Matt Hancock urged to make statement on restrictions by Brabin
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The Metro Mayor of West Yorkshire has expressed her frustration over a new wave of Covid-19 restrictions rolled out by the government without prior warning to local authorities. Tracy Brabin told BBC Breakfast that the measures were introduced overnight “without any consultation.” Eight areas of England with the highest level of the Indian variant of coronavirus have had measures introduced including Kirklees, Leicester, and Burnley.
Ms Brabin said it was “Certainly very surprising that Friday [at] half-past five last week the cabinet office updated their website about changes in movement across Kirklees and the other seven areas without informing local leaders.”
“It’s unfortunately another example of the government doing to us without working with us.”
“So it’s caused a lot of confusion, we were only alerted to it by journalists last night, late last night.”
Residents in the affected areas have been advised not to travel in or out of their home area, among a number of other restrictions.
Ms Brabin described “the restrictions around movement, around getting tested twice a week, about meeting outside, not inside.”
“These new restrictions will have an impact on businesses and the population of Kirklees, and sadly it’s not been discussed with local leaders, even the leaders of the local council.”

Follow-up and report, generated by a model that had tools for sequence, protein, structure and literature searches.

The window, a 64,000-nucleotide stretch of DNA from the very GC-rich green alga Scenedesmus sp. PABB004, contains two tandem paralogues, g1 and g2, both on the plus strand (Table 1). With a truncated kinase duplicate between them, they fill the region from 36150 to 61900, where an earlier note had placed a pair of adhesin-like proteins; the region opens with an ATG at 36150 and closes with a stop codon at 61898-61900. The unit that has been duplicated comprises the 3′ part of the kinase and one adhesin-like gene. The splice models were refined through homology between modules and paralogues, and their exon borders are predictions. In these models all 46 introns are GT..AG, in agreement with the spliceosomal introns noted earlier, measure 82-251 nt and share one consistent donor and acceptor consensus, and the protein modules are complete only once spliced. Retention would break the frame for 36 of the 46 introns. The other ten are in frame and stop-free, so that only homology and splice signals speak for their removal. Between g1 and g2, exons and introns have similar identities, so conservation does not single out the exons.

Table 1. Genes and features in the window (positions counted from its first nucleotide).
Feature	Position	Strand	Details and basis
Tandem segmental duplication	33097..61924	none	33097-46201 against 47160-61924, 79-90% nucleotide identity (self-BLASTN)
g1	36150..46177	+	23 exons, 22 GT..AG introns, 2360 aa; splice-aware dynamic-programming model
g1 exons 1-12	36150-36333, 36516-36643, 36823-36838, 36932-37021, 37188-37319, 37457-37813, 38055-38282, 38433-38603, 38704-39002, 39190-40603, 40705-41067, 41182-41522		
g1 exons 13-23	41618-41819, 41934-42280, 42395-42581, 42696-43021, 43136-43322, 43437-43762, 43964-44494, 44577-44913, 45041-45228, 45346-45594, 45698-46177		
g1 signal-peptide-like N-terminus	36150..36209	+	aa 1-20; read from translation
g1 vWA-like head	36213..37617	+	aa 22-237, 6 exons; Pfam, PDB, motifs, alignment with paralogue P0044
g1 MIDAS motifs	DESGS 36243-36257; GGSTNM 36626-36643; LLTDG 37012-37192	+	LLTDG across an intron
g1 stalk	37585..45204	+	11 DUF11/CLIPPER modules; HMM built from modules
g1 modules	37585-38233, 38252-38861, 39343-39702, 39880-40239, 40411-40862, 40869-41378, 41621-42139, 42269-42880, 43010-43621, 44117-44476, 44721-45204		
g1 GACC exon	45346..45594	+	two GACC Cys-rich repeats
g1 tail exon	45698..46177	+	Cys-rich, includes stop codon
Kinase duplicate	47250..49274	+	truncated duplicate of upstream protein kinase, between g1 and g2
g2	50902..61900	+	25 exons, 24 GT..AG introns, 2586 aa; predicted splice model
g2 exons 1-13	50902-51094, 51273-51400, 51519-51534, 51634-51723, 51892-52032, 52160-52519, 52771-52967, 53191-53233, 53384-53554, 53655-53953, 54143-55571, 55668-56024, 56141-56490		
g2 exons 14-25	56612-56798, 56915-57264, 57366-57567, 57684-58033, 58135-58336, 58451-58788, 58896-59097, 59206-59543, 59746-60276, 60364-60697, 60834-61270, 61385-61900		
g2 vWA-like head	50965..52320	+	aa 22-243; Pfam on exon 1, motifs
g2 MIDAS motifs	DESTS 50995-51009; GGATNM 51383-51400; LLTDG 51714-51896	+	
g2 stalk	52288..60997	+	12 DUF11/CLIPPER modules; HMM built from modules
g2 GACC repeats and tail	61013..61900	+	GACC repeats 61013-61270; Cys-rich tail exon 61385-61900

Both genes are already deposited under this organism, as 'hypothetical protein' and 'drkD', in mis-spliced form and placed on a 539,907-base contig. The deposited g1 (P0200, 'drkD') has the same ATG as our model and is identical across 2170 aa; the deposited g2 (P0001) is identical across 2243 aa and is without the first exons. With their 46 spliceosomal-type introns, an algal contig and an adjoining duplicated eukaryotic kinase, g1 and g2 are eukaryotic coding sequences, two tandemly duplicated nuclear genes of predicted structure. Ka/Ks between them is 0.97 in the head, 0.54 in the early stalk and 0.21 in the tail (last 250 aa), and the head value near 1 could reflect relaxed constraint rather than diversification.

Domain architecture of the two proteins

“This is quite extraordinary so I’m speaking to the vaccine minister after this call, Nadhim Zahawi, and I’m expecting Matt Hancock to come to the Houses of Parliament to explain what is actually going on.”
“Because of course there’s people that are going back to work, businesses have opened up again and don’t forget that we have been in some version of restrictions for nearly a year.”
“It’s deeply disappointing and certainly if my inbox and Twitter feed is anything to go by, it’s also very, very concerning for the public.”
In addition to Kirklees, other council areas affected are: Bedford, Blackburn with Darwen, Bolton, Burnley, Leicester, Hounslow and North Tynside.
151 of England’s 315 council areas have detected cases of the Indian variant, also known as B.1.617.2.
There have been 5,647 cases of the variant detected in England, 383 in Scotland, 62 in Wales and 15 in Northern Ireland.
The new strain of coronavirus is thought to be around 30 per cent more transmissible, but there is not yet any evidence that it is more resistant to vaccines than other areas.
The restrictions imposed in the affected council areas reintroduces some of those relaxed throughout England on May 17.
People are encouraged to meet with others outside whenever possible and to stay two metres away from those not in their household.
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